The Champion The conductors of this journal have very decided convictions on one or two points. It will be only fair to give its readers the earliest possible warning of them, so that no misconceptions might arise. To begin with they believe that there is a great deal of loose democratic sentiment in this community, and it by no means is confined to that portions of the citizens which belongs to the manual labour class. Further, this feeling had, until this week, no form of printed expression. TheArgus at ‘prices to suit the times,’ reminds one in its spasmodic attempts to express radical ideas, of a cat trying to play the bango. When the generation that now has control of the destinies of the country was playing marbles, theAge was very nearly abreast of the advanced politics of fifty years ago, but it is now universally believed to be contemplating a change of its title to the DotAge. The Bulletin is theBulletin. The rest is silence.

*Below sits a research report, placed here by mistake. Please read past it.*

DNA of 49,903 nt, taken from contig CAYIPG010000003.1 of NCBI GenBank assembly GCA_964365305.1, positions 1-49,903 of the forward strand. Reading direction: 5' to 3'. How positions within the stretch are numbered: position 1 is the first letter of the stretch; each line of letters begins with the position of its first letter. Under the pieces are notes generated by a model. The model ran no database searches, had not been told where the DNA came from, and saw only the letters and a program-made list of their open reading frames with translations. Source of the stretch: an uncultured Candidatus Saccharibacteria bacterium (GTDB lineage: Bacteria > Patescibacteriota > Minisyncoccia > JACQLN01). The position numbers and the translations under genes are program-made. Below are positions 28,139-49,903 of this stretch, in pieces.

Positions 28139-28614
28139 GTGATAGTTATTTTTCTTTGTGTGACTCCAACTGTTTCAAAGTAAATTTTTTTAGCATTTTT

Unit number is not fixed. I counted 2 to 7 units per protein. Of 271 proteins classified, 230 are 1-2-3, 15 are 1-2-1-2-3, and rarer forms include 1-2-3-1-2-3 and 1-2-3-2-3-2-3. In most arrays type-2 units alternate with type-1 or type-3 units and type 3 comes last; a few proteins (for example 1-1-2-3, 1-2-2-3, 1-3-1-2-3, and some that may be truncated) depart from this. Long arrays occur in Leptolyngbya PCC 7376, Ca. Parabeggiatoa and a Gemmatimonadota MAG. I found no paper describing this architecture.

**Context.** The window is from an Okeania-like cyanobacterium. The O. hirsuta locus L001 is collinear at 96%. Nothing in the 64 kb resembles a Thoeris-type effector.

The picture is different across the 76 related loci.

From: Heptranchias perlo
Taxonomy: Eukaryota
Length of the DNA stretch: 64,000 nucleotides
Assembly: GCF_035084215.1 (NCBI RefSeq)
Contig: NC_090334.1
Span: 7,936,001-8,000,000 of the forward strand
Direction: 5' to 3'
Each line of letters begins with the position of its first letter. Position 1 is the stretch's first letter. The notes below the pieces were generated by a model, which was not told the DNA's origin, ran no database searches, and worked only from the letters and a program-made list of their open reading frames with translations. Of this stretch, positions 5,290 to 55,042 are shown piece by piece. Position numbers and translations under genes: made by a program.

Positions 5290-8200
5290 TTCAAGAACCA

It is true that Melbourne has seen of late some attempts to establish a weekly democratic paper. It is also true that these journals have died not for the common disease of such papers, “poverty of circulation,” but of a more fatal disorder, namely, incompetent management.

Remarks that Victoria is the worst governed country in world aside from Turkey. “This journal does not venture to hope that it can alter this state of affairs”

Argues for regulation of labour markets as the real form of protectionism. This regulation needs to either come from the state or from trade unions.